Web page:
In my age group, past my late 50’s, there are very few of my intimates, friends and associates, me included, that have not been through the confusion and pain of losing someone close to us, someone who, most likely unawares, served as an internal compass … whether we liked it or not.

“Finding Lily” by Richard Clewes is a must read.  The author’s website is an intriguing insight into the style of the book.

The author spoke to me personally with this passage, “What is astonishing about grief is that it can be an uplifting experience.  It is intended, I have learned, to restore self.  That it comes after a great loss disguises grief’s meaning but not its power to make us attentive to our own depth and the profound connectedness of being human and here.  It’s not about atonement, but gratitude.”

Shocked?  Confused?  Perhaps, even a little horrified that anyone could look at grief with gratitude?  Well, you won’t be once you’ve finished the book.  I recommend taking your time re-reading pages and paragraphs that speak to you about your own grief and loss.  I found mine, many times over, sometimes embedded in humor, sometimes in Clewes’ deeply-felt narrative.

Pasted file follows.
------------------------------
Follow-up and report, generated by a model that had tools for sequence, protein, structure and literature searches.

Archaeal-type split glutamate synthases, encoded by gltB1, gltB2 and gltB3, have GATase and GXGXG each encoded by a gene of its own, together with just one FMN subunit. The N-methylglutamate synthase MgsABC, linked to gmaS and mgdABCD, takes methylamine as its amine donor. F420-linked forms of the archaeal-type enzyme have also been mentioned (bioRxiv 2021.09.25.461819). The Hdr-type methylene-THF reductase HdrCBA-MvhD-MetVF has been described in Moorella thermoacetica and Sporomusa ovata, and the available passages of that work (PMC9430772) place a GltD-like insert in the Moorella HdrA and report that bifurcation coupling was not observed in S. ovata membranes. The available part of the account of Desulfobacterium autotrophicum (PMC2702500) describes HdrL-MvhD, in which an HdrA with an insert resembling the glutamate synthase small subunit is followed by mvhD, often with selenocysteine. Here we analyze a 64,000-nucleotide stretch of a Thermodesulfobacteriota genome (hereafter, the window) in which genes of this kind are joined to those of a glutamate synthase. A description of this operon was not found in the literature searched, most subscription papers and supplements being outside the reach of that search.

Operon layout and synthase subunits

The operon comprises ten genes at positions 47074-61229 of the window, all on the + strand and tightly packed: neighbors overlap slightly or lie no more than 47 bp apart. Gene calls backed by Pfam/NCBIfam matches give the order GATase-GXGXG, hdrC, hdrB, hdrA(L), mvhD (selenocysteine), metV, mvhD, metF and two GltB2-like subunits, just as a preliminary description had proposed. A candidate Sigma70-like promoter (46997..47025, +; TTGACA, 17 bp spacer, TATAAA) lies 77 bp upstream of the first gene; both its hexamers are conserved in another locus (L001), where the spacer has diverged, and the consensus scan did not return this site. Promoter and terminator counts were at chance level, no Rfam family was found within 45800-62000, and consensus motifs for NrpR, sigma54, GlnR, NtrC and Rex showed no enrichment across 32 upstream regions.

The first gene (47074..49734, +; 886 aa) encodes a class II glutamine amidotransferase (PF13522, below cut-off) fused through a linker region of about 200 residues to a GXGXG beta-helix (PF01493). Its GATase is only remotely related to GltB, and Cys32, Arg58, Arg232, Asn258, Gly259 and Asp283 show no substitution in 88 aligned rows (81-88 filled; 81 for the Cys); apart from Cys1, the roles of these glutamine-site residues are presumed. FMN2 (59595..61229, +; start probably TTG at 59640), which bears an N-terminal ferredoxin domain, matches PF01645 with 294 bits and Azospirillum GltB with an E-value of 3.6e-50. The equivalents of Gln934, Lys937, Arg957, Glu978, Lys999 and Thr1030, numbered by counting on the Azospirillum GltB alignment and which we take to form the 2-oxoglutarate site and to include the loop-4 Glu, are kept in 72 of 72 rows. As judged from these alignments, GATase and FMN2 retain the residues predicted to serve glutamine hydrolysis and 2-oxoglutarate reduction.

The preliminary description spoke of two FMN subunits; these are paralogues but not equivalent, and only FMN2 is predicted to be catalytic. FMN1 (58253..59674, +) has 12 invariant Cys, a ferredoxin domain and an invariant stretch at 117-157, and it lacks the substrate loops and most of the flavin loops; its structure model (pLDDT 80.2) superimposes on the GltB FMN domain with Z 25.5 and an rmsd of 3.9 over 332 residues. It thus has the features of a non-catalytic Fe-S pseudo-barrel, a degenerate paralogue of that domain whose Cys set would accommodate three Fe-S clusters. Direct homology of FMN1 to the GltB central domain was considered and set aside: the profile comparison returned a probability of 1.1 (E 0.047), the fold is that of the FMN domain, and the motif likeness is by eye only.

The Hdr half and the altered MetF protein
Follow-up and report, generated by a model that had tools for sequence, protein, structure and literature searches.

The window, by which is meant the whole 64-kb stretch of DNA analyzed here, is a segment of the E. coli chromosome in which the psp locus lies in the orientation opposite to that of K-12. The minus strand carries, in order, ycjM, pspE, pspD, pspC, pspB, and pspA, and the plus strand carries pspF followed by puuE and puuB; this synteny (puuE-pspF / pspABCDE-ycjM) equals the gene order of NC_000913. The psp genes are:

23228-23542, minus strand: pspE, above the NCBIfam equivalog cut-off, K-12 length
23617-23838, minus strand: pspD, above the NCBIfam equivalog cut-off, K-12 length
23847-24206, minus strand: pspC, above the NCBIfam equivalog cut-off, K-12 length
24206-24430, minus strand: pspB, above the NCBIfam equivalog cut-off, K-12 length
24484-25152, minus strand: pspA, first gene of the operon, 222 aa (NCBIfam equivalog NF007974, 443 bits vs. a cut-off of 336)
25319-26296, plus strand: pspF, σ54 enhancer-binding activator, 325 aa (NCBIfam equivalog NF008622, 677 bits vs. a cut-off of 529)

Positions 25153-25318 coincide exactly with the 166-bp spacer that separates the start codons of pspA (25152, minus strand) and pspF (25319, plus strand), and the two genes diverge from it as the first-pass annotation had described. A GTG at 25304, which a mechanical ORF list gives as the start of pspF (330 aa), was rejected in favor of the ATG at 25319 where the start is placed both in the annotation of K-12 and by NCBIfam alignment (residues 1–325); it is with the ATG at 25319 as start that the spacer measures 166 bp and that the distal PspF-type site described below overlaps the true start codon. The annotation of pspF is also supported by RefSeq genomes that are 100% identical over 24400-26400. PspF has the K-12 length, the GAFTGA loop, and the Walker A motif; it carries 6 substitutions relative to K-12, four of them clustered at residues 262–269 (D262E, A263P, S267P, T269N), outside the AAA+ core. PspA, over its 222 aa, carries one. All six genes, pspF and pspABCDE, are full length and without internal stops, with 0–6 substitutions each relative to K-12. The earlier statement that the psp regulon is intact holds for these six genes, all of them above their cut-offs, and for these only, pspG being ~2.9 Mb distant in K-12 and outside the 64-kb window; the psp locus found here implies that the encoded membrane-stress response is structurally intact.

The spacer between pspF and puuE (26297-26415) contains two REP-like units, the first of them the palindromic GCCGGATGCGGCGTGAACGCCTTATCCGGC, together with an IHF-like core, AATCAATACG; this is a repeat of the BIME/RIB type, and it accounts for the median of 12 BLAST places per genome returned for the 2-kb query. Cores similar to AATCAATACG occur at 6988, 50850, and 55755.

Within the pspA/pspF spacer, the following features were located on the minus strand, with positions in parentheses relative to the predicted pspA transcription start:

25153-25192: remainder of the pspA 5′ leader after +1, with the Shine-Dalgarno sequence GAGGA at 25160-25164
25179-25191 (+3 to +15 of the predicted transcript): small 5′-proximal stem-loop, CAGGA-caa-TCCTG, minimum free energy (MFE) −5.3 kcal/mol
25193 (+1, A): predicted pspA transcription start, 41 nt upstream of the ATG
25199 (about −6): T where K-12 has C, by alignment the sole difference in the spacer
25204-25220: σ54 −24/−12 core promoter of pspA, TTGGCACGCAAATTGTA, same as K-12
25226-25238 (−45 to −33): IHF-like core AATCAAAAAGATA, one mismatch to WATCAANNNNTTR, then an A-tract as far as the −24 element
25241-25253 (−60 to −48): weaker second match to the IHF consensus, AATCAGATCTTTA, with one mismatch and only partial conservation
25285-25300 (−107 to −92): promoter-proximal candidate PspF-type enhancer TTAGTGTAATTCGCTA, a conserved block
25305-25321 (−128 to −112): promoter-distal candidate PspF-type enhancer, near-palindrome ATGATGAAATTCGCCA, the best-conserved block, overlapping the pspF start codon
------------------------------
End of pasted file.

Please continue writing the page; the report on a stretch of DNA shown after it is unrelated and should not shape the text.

The book is artistic and accessible, small at a mere 189 pages but gigantic in proportion to the author’s honesty in the face of the grieving process, particularly in the aftermath of suicide.  The style initially appears commercial and clever, even contrived, a unique twist with a marketing advantage, but not so

After his wife takes her own life, the author stops working, abandons the safe confines of a familiar life and launches himself on a three-month trip around the world with not much more than his sorrow, bewilderment, diary, pen and sketchbook.  Clewes records his sojourn in both words and illustrated postcards, which he mails to himself along the way … and ultimately, he finds Lily in Queenstown. 

We are not human beings having a spiritual experience, we are spiritual beings having a human experience.   Pierre Teilhard de Chardin